For the conclusion of the Year of Faith, Pope Francis has done something unprecedented—he has decided to place the relics of St. Peter on exposition for public veneration. For the first time in the history of the Catholic Church, the faithful will have the opportunity to pray before the remains of the first pope.
While the relics of most saints repose in a shrine of gold, or silver, or marble, St. Peter’s bones lie in several plexiglass boxes inside the very modest tomb that was built for him about 1800 years ago. How the tomb and the bones were discovered is a remarkable story, and it begins in 323, when Constantine, Rome’s first Christian emperor, decided to build a magnificent basilica over the tomb of St. Peter. In Constantine’s church, the tomb was visible beneath the high altar, but over the centuries, as the basilica was renovated and modified, the tomb could no longer be seen. By the early 16th century, when Pope Julius II ordered the demolition of the old, structurally unsound basilica and the construction of a new Basilica of St. Peter—the one that we see today—the architects were careful to place the new high altar at the exact spot where the high altar in the old church had stood. By that time, no one had seen the actual tomb of St. Peter for centuries, but the tradition that it was below the main altar survived.
Flash forward to 1940. The newly elected pope, Pius XII, called for a major renovation of the Vatican Grottoes, the crypt beneath the sanctuary where many popes were buried. The plan for this reconstruction called for transforming the Grottoes from a cramped burial chamber into a series of crypt chapels. To accomplish this, the floor of the Grottoes would be lowered by two-and-a-half feet. Everyone in the Vatican knew that there were Roman remains under the basilica, but no one had any idea what type of remains were there—no one had seen them in 1600 years. Then, in January 1941, workmen uncovered an elegant mausoleum. The archeologists who were called in to examine the find declared that it was a discovery of genuine importance. On their recommendation, Pius XII gave permission for a full-scale excavation of the area beneath the Grottoes. To direct the excavation, Pius appointed a team of archeologists, architects, and experts in the catacombs and Early Christian inscriptions. Managing the project was Msgr. Ludwig Kaas, the administrator of the Basilica of St. Peter.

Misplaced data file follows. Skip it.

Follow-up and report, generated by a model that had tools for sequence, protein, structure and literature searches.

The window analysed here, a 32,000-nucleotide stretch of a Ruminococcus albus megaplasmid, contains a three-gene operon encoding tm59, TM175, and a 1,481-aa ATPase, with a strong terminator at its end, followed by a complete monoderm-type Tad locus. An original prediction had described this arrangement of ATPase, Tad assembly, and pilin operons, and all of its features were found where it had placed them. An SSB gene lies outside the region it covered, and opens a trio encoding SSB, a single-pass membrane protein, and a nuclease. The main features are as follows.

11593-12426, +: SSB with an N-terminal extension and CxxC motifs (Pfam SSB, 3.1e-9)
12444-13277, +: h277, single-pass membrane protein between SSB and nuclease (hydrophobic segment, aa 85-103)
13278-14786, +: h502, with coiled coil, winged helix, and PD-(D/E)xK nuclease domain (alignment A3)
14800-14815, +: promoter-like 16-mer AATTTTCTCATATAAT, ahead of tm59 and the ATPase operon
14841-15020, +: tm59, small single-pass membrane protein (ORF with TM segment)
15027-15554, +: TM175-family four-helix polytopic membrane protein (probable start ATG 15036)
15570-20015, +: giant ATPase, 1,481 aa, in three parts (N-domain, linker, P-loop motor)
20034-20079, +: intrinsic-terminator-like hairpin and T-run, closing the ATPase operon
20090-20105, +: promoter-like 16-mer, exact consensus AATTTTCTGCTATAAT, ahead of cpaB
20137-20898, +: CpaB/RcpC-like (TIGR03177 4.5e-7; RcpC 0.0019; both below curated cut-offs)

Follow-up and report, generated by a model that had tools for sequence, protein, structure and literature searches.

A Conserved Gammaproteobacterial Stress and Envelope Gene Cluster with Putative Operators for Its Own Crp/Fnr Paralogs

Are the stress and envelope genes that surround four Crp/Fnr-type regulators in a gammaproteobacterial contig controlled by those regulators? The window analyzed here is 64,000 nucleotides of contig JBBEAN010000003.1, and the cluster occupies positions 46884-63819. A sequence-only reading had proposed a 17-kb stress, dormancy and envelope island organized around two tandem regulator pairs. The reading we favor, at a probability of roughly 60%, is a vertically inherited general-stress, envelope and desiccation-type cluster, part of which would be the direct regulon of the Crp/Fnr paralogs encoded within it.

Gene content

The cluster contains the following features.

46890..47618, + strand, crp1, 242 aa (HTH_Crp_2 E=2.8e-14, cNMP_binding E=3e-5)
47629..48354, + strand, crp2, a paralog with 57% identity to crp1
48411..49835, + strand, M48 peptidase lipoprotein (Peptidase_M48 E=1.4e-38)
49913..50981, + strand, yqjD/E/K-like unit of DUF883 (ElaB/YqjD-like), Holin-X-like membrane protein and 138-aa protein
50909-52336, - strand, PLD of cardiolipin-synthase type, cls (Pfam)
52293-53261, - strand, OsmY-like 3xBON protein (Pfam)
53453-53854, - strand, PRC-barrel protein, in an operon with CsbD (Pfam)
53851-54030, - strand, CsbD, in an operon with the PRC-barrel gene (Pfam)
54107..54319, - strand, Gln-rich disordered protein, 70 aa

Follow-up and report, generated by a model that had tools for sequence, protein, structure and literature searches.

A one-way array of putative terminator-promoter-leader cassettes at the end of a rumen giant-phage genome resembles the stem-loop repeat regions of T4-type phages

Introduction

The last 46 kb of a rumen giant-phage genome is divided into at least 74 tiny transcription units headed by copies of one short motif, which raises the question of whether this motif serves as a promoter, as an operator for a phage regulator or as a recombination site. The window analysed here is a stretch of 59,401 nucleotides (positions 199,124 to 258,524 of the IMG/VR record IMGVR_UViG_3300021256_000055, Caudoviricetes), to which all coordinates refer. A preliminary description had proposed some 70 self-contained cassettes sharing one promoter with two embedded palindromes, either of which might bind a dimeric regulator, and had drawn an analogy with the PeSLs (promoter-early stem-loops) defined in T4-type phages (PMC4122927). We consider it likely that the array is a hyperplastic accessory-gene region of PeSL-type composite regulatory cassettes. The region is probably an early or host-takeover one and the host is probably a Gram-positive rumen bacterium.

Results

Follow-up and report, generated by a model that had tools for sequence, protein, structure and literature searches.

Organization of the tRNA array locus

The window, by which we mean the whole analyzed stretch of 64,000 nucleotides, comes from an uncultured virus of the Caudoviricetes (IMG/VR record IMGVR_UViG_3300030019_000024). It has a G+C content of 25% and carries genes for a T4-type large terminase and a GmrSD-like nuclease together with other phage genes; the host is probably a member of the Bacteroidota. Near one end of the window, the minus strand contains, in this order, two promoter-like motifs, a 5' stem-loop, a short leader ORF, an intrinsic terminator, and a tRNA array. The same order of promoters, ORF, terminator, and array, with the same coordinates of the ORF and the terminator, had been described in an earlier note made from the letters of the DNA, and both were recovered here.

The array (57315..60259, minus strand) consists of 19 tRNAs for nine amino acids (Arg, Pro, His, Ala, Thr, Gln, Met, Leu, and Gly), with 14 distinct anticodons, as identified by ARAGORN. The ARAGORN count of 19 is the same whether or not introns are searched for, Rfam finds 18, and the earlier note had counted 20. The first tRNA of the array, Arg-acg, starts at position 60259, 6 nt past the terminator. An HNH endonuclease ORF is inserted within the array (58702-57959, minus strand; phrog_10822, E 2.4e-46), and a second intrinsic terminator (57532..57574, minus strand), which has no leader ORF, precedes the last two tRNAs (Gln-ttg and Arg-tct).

In a very short time the archeologists knew that beneath St. Peter’s they had found an ancient Roman cemetery, and as the excavation proceeded, they convinced Pope Pius to grant them permission to excavate beneath the high altar of the basilica, in hope of finding St. Peter’s tomb. In 1942, the archeologists found a modest tomb beneath the high altar. The exterior walls were covered with rough inscriptions scratched into the plaster, including one in Greek, “Petr Eni,” which Professor Margherita Guarducci, an expert in ancient inscriptions, translated as, “Peter is within.”
That night, Msgr. Kaas, escorted by Giovanni Segoni, the foreman of the sampietrini, the crew that maintains the fabric of St. Peter’s, made a tour of the day’s excavation. Msgr. Kaas was always afraid that human remains might be mishandled by the archeologists, and often came away from these evening tours with boxes of bones which he intended to have returned to their graves after the excavation was completed. That night Msgr. Kaas had Segoni reach inside the newly found tomb to see if it contained bones—at the time, neither man knew that the tomb might be St. Peter’s. As usual, Segoni boxed up the bones he found inside, labeled them, and put the box in storage. About a decade later, Segoni told the story of the bones to Prof. Guarducci. She took the story to Pope Pius, who ordered a thorough examination of the bones. That took more than a decade, and after reviewing the report of the scientists who had studied the bones, in 1968 Pope Paul VI announced to the world, “The relics of Saint Peter have been identified in a way which we consider as persuasive.”
The day after he made this announcement, Pope Paul led a small procession down the tomb now believed to be St. Peter’s, and looked on as the bones of the Prince of the Apostles were returned to their burial place. Today, the tomb can be visited and the bones seen, but only by small groups on an escorted tour of the excavation—known as the Scavi—and reservations must be made months in advance. Now, for a brief time, Pope Francis is giving the world access to what few visitors to Rome have ever seen, the bones of St. Peter.